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Providing evidence to improve practice

Individual study: Nematode community responses to a moisture gradient and grazing along a restored riparian corridor

Published source details

Briar S.S., Culman S.W., Young-Mathews A., Jackson L.E. & Ferris H. (2012) Nematode community responses to a moisture gradient and grazing along a restored riparian corridor. European Journal of Soil Biology, 50, 32-38


This study is summarised as evidence for the intervention(s) shown on the right. The icon shows which synopsis it is relevant to.

Soil: Restore habitat along watercourses Mediterranean Farmland

A controlled study in 2000–2008 along a stream on a farm in the Central Valley, California, USA, found different nematode communities in a restored area, compared to an unrestored area. Soil organisms: Different nematode communities were found in the restored and unrestored areas (data reported as ordination results: restoration explained 3% of the variation in nematode communities). Methods: Part of the streambank was restored: graded to create a floodplain (4 m width) and planted with native perennial grasses, sedges, forbs, shrubs, and trees. Soil samples were collected from the restored area and the unrestored area in December 2007 and March–April 2008 (0–30 cm depth).

 

Soil: Exclude grazers Mediterranean Farmland

A controlled study in 2005–2008 in restored riparian habitat on a farm in the Central Valley, California, USA, found more nematodes overall, more bacteria-feeding nematodes, and more diverse communities of nematodes, in plots without grazers, compared to plots grazed by goats and sheep. Soil organisms: More nematode biomass and higher nematode diversity were found in plots without grazers, compared to plots with grazers (831 vs 557 µg/100 g soil; diversity reported as Shannon diversity index). More bacteria-feeding nematodes were found in plots without grazers, compared to plots with grazers (178 vs 86 nematodes/100 g soil), but similar numbers of fungus-feeding (168 vs 194), omnivorous and predatory (29 vs 21), and plant-feeding (180 vs 176) nematodes were found in plots with or without grazers. Methods: Grazers were introduced to half of a streambank in 2005 (14 animals/ha), but they were excluded by a fence from the other half. Soil samples were collected from the grazed area and the ungrazed area in December 2007 and March–April 2008 (0–30 cm depth).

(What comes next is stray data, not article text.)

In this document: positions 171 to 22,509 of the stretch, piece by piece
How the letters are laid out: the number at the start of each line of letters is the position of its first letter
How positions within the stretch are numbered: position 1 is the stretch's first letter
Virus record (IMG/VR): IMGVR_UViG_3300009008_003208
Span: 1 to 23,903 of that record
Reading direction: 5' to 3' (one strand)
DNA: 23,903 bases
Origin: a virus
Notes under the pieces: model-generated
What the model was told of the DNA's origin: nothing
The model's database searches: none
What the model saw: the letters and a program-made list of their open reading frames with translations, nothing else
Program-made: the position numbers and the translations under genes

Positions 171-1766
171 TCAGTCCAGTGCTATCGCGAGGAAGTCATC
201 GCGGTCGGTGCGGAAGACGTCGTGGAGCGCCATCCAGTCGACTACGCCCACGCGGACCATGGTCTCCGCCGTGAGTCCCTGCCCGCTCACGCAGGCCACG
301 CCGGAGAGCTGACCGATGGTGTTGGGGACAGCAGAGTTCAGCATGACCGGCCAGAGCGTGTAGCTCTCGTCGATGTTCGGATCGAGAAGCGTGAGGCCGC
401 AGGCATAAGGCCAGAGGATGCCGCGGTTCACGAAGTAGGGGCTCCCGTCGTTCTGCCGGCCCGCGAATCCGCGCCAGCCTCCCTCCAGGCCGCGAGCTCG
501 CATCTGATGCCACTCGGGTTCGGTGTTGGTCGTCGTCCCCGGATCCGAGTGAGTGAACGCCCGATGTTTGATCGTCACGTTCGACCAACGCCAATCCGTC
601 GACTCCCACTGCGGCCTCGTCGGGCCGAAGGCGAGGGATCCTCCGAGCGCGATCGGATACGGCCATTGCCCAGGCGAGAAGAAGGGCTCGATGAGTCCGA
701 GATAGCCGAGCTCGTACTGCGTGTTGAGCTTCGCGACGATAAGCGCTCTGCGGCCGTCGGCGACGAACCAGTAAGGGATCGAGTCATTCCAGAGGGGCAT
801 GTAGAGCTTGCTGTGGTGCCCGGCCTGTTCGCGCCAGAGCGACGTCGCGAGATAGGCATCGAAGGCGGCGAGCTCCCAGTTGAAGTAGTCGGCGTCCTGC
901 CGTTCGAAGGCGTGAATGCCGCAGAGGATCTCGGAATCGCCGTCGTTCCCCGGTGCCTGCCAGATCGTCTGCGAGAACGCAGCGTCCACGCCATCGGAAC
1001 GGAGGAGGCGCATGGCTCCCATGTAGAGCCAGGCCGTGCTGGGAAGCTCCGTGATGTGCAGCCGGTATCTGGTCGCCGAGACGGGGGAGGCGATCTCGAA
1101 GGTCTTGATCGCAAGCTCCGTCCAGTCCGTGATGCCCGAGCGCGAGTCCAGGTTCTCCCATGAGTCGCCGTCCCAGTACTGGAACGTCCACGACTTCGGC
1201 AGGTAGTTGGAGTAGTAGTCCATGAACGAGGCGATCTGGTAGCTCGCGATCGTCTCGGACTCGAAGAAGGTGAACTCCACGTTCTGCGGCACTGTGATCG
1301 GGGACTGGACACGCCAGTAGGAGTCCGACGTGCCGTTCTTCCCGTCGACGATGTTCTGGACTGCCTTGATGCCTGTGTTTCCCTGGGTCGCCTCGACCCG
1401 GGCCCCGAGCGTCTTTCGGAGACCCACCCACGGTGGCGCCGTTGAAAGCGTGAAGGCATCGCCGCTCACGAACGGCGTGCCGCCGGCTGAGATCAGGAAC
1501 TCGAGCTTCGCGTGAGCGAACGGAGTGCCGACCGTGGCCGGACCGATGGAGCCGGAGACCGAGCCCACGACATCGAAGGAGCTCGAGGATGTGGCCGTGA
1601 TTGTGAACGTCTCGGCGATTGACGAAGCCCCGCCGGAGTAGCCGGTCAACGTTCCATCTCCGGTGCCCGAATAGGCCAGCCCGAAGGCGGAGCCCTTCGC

Other biodiversity: Restore habitat along watercourses Mediterranean Farmland

A controlled study in 2000–2008 along a stream on a farm in the Central Valley, California, USA, found different plant communities in a restored area, compared to an unrestored area. Plants: Different plant communities were found in the restored and unrestored areas (data reported as ordination results: restoration explained 12% of the variation in plant communities). Methods: Part of the streambank was graded to create a floodplain (4 m width) and planted with native perennial grasses, sedges, forbs, shrubs, and trees. Herbaceous biomass was collected in the restored area and the unrestored area in October 2007 and April–May 2008 (0.25 x 0.5 m plots).

 

Other biodiversity: Exclude grazers Mediterranean Farmland

A controlled study in 2005–2008 in restored riparian habitat on a farm in the Central Valley, California, USA, found more plant biomass in plots without grazers, compared to plots grazed by goats and sheep. Plants: More plant biomass was found in plots without grazers, compared to plots with grazers (data reported as model results: grazing explained 21% of the variation in biomass). One-third of the identified plant species were planted during restoration (21 of 68 species), and 47 of 68 species were non-natives. Methods: Grazers were introduced to half of a streambank in 2005 (14 animals/ha), but they were excluded by a fence from the other half. Herbaceous biomass was collected in the ungrazed area and the grazed area in October 2007 and April–May 2008 (0.25 x 0.5 m plots).